Fourteen percent of Aspergillus fumigatus isolates cultured from garden soils were resistant to an agricultural triazole antifungal drug, tebuconazole. Tebuconazole resistance confers resistance to medical triazoles that are used to treat aspergillosis, a lung infection that can be serious, which results from inhalation of A. fumigatus spores. The research is published in Applied and Environmental Microbiology, a journal of the American Society for Microbiology.
In the study, which was lead author Jennifer Shelton’s Ph.D. thesis, she and her collaborators found that compost and compost-enriched soils contain high concentrations of A. fumigatus spores.
” The research indicates that compost handling poses a health risk to individuals when they are exposed to large quantities of aerosolizedspores. It raises questions about whether compost bags should have additional warnings, whether compost should not be shipped unsterilized, and whether people should wear masks when handling compost,” stated Shelton.
A novel aspect of this study is that the soil samples–509 of them–were collected from their gardens by 249 citizen scientists whom Shelton enlisted in this effort via social media and through the Aspergillosis Trust, a charity raising awareness of the problem. The samples were all collected on the same day, June 21, 2019. From these, the investigators cultured 5,174 isolates of A. fumigatus. Many of these A. fumigatus isolates contained polymorphisms in the cyp51A gene, which is frequently associated with triazole-resistance. Soil samples containing compost were significantly more likely to grow tebuconazole-resistant A. fumigatus strains than those that did not, and compost samples grew significantly higher numbers of A. fumigatus than other soil samples.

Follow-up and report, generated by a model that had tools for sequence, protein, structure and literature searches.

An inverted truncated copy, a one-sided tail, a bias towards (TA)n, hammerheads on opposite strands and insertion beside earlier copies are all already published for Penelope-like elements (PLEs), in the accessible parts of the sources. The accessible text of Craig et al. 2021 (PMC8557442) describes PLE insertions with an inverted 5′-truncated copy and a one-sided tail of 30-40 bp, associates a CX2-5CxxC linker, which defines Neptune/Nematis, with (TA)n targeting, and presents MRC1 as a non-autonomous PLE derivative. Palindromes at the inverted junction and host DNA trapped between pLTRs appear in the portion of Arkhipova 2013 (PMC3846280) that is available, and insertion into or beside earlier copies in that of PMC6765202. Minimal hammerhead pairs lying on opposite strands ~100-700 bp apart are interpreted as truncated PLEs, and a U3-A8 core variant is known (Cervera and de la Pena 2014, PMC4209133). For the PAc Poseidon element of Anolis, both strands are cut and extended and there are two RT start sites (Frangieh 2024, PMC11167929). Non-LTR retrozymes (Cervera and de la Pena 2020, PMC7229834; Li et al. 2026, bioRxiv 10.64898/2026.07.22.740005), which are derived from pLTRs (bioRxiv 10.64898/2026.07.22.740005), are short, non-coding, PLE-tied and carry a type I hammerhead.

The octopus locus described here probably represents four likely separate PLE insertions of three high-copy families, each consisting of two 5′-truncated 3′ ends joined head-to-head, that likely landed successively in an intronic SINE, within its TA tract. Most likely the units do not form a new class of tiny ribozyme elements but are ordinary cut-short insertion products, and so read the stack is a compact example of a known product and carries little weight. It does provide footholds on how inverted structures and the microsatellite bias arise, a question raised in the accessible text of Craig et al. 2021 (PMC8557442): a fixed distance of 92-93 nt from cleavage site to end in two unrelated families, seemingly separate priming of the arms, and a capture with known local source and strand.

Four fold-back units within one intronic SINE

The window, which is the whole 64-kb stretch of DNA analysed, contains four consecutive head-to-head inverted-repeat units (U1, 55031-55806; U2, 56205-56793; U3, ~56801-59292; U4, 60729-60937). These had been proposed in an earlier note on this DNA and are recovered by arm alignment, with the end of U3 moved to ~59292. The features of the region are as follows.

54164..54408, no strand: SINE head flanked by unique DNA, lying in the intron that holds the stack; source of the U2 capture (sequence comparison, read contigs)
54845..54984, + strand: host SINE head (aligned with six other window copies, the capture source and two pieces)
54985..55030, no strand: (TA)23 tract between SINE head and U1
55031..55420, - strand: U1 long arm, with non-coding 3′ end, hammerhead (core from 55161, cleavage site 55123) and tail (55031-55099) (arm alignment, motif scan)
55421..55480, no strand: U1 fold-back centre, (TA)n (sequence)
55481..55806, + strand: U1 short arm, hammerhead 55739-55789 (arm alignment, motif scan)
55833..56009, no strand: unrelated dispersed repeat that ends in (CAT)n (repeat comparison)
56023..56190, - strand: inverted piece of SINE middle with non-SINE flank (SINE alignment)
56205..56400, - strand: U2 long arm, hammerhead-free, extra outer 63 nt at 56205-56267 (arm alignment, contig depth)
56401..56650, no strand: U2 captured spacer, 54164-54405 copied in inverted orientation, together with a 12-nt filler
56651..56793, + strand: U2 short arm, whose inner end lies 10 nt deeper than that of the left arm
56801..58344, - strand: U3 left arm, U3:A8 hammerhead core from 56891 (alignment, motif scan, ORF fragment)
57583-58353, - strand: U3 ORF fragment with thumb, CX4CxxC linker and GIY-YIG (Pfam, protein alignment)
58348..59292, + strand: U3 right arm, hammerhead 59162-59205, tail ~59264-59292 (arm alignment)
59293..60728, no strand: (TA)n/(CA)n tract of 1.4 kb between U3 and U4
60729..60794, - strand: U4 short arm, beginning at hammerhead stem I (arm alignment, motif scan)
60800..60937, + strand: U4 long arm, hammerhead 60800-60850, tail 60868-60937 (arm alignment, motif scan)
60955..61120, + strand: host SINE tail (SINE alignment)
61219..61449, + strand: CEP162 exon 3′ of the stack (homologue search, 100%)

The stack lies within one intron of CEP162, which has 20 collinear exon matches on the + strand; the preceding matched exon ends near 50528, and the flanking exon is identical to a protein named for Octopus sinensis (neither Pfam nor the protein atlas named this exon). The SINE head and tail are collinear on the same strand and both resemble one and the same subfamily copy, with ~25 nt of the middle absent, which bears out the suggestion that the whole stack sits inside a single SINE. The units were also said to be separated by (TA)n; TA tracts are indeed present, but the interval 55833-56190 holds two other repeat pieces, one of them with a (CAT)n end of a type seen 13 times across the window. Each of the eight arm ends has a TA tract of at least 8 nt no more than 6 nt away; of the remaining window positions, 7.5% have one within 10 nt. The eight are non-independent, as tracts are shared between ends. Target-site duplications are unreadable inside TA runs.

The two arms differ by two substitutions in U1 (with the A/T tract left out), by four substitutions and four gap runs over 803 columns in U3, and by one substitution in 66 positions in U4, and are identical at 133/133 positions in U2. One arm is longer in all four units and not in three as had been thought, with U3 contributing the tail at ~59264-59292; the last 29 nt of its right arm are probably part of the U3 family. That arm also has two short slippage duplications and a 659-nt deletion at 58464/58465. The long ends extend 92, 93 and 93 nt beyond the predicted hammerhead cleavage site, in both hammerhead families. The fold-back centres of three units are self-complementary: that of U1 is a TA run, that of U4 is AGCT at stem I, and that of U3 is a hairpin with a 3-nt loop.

The study was motivated by a growing number of cases caused by triazole resistant A. fumigatus spores in the UK, said Shelton, who conducted the research at Imperial College London and UK Centre for Ecology and Hydrology. “An estimated 185,000-plus people in the UK live with aspergillosis, with conditions ranging from severe hypersensitization, “fungal asthma,” and chronic colonization or invasion of the lungs that can disseminate to other organs including the brain,” said Shelton. “Chronic forms of aspergillosis are life-limiting and difficult to treat, and invasive infections have mortality rates of between 40 and 70 percent, and higher if infected with triazole resistant A. fumigatus.”
People normally inhale spores from the environment, including those of A. fumigatus. Those with weak immunity, due to immune-suppressing drugs, conditions such as diabetes or rheumatoid arthritis, or lung damage from infection by tuberculosis, COVID-19, severe influenza or smoking, are especially vulnerable, but even those without predisposing conditions can deve